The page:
What is ARFID?
ARFID stands for Avoidant/Restrictive Food Intake Disorder. It is characterized by continuous avoidance of food and the inability to meet nutritional and calorie intake.
ARFID versus Anorexia
AFRID is often confused with the more popular eating disorder anorexia. However, it lacks the one identifying characteristic of anorexia; the persisting desire to lose weight and extreme complexity about body image. ARFID is not as much about the body as it is about food itself., while anorexia focuses solely on body image.
Types of ARFID
There are 5 known and distinguished types of ARFID. These are:
Avoidant is a more common type and is related to the sensory features of food. It is characterized by a sensitive reaction towards certain food types due to which they’re avoided by people with it. People may feel sensitive towards the appearance, smell, texture or taste of the food.
This type is based on fear-induced food resistance. People experiencing this refuse to eat out of fear of choking, vomiting, nausea, pain, or swallowing.
Persons with extreme picky eating, very low appetite, and little to no interest in food show signs of restrictive ARFID. They may not eat because they simply never have the urge. This can also result in forgetting to eat altogether.
Symptoms of avoidant, aversive, or restrictive types that continue from younger years to adulthood or simply show up in later years and become more prominent characterize the adult type.
This is characterized by having more than one type of ARFID or experiencing other extreme food-related disorders alongside. A person suffering from it may exhibit signs of anorexia as well, showing concerns about body image and negative emotions towards weight and body mass.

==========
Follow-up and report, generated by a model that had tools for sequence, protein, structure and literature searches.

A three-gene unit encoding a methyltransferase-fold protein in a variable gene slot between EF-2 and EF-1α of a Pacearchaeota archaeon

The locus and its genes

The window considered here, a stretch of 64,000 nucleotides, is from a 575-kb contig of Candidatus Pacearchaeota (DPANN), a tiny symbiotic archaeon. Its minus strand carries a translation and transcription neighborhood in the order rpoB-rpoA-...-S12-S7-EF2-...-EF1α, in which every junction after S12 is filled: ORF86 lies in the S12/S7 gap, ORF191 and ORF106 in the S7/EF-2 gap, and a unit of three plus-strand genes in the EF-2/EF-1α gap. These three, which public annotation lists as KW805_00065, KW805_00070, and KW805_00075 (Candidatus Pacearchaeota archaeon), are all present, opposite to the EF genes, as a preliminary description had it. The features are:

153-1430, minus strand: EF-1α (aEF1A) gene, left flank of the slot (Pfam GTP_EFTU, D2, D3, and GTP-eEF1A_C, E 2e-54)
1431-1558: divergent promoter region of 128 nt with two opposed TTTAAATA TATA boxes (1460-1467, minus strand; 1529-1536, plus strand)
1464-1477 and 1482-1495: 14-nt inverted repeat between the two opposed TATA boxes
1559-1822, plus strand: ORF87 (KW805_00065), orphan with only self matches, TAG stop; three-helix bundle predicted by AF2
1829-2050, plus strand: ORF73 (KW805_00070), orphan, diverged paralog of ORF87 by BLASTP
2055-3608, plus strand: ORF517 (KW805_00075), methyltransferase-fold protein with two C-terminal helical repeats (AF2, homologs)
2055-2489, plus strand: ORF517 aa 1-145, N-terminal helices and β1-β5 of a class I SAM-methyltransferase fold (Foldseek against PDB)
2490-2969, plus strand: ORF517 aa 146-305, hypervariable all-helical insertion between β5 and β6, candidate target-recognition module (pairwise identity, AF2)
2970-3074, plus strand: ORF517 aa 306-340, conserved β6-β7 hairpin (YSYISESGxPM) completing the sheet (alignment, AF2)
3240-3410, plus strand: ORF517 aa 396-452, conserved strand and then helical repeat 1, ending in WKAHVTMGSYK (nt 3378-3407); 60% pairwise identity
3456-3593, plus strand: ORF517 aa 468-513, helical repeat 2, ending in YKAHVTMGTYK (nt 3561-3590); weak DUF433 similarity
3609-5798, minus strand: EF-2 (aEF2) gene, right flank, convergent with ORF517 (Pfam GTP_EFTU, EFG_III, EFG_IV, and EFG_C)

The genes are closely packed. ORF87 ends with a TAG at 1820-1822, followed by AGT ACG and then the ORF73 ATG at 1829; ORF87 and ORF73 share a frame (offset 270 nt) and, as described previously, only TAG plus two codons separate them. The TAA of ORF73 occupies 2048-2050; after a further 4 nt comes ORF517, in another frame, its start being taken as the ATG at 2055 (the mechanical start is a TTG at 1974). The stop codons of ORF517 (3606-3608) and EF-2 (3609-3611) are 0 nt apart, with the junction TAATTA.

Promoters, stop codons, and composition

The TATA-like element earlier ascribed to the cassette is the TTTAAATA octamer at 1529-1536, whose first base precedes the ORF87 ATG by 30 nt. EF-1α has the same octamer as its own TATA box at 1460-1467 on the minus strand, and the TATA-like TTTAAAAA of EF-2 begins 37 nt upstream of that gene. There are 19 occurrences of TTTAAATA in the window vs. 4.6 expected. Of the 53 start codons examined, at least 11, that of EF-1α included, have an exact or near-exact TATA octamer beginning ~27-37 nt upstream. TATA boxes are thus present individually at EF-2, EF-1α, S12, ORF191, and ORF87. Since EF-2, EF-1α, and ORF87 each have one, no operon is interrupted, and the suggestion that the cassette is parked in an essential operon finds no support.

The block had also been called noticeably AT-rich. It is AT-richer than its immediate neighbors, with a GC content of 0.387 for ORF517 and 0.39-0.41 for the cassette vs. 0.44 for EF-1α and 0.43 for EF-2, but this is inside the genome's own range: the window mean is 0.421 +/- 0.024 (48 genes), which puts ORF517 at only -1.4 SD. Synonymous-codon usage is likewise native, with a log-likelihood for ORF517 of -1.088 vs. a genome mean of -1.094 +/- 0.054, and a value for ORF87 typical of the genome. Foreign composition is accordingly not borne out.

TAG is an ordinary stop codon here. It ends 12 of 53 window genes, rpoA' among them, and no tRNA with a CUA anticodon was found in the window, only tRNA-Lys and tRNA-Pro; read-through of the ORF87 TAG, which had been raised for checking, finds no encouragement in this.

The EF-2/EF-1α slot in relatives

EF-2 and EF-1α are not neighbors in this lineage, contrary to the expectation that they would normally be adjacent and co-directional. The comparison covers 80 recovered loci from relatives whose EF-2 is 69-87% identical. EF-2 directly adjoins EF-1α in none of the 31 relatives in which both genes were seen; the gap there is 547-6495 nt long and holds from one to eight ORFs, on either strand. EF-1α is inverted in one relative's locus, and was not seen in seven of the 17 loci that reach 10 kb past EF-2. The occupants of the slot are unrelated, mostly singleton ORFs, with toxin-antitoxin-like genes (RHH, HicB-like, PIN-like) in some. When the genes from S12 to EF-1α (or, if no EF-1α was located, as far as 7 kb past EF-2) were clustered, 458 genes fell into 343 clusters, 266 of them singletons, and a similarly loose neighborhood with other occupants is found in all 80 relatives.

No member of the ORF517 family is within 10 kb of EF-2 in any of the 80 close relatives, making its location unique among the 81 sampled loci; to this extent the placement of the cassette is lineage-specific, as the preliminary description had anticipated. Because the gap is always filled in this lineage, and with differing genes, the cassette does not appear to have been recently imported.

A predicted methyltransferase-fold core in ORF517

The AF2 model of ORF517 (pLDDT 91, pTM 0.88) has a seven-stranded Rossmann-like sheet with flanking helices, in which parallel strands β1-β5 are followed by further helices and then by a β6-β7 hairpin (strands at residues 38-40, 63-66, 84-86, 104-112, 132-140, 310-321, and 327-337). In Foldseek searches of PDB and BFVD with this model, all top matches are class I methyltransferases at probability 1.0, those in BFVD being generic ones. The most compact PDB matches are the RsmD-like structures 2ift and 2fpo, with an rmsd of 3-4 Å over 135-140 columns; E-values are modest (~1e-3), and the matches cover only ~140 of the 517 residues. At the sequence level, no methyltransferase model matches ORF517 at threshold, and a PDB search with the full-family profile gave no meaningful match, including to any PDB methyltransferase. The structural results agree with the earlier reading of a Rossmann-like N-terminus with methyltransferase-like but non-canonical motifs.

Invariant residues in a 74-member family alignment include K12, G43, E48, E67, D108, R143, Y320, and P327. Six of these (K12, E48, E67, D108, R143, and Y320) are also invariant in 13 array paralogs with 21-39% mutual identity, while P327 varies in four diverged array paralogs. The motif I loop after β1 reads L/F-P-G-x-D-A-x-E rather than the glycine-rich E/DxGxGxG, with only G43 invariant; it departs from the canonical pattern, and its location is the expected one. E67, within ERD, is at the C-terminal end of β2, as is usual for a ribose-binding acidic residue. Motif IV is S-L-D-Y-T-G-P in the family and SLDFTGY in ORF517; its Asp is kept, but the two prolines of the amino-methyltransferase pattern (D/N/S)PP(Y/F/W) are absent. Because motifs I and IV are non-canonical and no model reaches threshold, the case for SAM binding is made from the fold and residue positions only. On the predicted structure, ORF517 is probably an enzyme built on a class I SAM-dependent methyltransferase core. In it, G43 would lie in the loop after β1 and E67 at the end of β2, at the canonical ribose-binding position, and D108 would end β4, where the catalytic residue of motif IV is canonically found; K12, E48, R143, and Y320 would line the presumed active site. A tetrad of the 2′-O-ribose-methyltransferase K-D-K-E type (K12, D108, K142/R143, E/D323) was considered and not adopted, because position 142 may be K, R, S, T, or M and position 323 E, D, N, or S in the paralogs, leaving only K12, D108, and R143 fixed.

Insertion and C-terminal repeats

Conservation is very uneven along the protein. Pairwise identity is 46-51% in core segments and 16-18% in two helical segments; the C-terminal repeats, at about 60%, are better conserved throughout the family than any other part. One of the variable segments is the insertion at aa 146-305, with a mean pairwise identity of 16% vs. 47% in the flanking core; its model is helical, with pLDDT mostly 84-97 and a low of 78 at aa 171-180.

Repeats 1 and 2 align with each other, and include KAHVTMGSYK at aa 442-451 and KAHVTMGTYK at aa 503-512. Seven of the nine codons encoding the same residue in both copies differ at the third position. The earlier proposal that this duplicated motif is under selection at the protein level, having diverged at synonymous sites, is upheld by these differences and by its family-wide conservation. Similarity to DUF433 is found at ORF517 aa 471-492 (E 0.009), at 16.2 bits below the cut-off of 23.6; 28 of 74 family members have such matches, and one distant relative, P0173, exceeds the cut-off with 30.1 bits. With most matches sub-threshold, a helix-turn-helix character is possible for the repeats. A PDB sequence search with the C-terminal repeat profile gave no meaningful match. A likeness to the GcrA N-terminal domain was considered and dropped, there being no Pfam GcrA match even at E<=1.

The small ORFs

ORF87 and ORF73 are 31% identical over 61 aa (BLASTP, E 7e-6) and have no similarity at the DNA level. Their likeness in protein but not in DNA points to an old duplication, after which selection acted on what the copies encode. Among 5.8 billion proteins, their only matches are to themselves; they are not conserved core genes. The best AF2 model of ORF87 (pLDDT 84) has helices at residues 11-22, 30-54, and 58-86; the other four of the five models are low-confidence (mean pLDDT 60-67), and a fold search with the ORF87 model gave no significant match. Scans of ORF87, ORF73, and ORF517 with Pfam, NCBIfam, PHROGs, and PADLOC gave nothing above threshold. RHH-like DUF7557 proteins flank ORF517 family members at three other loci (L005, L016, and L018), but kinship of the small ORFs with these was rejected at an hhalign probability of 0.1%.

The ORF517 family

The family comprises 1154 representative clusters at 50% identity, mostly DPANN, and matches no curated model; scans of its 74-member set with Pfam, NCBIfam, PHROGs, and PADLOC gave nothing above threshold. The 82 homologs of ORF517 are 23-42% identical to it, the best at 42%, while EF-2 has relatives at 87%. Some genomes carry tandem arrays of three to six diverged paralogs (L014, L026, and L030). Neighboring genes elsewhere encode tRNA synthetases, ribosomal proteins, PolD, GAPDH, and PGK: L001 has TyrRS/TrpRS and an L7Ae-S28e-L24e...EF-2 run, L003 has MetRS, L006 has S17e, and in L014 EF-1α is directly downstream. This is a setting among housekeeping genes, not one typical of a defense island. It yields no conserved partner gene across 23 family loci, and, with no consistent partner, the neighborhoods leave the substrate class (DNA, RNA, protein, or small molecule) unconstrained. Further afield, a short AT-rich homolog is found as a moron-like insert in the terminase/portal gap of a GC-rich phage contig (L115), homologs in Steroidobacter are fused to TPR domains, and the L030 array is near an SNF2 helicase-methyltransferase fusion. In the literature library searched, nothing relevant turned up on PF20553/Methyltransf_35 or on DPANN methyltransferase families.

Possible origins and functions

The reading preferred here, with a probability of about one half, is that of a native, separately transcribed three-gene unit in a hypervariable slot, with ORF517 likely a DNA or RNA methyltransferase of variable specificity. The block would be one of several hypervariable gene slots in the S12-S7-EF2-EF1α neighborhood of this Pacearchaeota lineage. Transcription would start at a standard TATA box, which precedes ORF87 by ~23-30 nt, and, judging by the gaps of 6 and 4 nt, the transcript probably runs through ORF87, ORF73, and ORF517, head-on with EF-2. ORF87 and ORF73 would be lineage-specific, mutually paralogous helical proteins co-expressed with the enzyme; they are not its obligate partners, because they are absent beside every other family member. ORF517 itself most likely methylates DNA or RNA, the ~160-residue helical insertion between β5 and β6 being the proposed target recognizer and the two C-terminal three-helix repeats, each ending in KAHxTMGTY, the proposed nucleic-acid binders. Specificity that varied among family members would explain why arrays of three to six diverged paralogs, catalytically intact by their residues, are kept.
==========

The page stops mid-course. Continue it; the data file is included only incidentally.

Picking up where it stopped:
Some of the common symptoms are as follows. A person may show one or a combination of the symptoms.
- Very few acceptable foods
- Lack of appetite
- Avoidance of certain types of foods (vegetables, meat, dairy, etc)
- Sensitive reaction to food smell or texture
- Continuous constipation
- Muscle weakness
- Scalp hair thinning
- Hair fall
- Uncontrolled loss of weight
- Poor weight gain and growth among children
- Multiple nutrient deficiencies
- Abnormal or irregular menstrual cycle
- Week immune system
- Slow healing
- Feeling cold all the time
- Fear of vomiting
- Fear of choking
ARFID in Children
The most common target is children and adolescents. Parents whose children exhibit its signs often have trouble feeding them. They meal plan according to their children’s habits and often bulk buy their favorite snacks – just in case.
It delays weight gain as well as growth in children. In extreme cases, it can cause severe development issues among them.
ARFID in Adults
Adults who experience it are often the same people who live with it as children. It can lead them to extreme weight loss as well as loss of basic body functions.
Risks and Complications
A severe lack of calories and the right types of food can cause many health problems. Some of them include
Growth Failure and Developmental Delay
In children and adolescents, it can cause stunted growth as well as falling off growth curves. These things might also result in physical abnormalities or prolonged health problems in severe cases.
Picky eating and lack of appetite can cause individuals to experience nutritional deficits along with calorie deficits. Moreover, malnutrition and other deficiencies contribute to symptoms like hair fall, body aches, fatigue, weakness, etc.
Being Severely Underweight
Like anorexia, it can cause individuals to fall down the spiral of weight loss, sometimes sending them to the hospital.
Co-occurring Anxiety Disorders
As in the Plus type, it is possible to develop other eating and anxiety-related disorders like OCD, Anorexia, etc. if you suffer from ARFID.
Diagnosis of ARFID
Not many doctors are familiar with its diagnosis. But some of the most common questions they could ask you will surround whether you:
- Have trouble eating
- Only eat specific foods
- Have food-related fears
- Avoid food based on sensory factors
- Experience weight loss
- Experience fatigue
- Take lots of supplements
How to Treat ARFID
Luckily, it has a treatment. However, it is really important to go see a doctor and get a personalized care plan to help recover well. Treatments may include:
Weight restoration (when appropriate)
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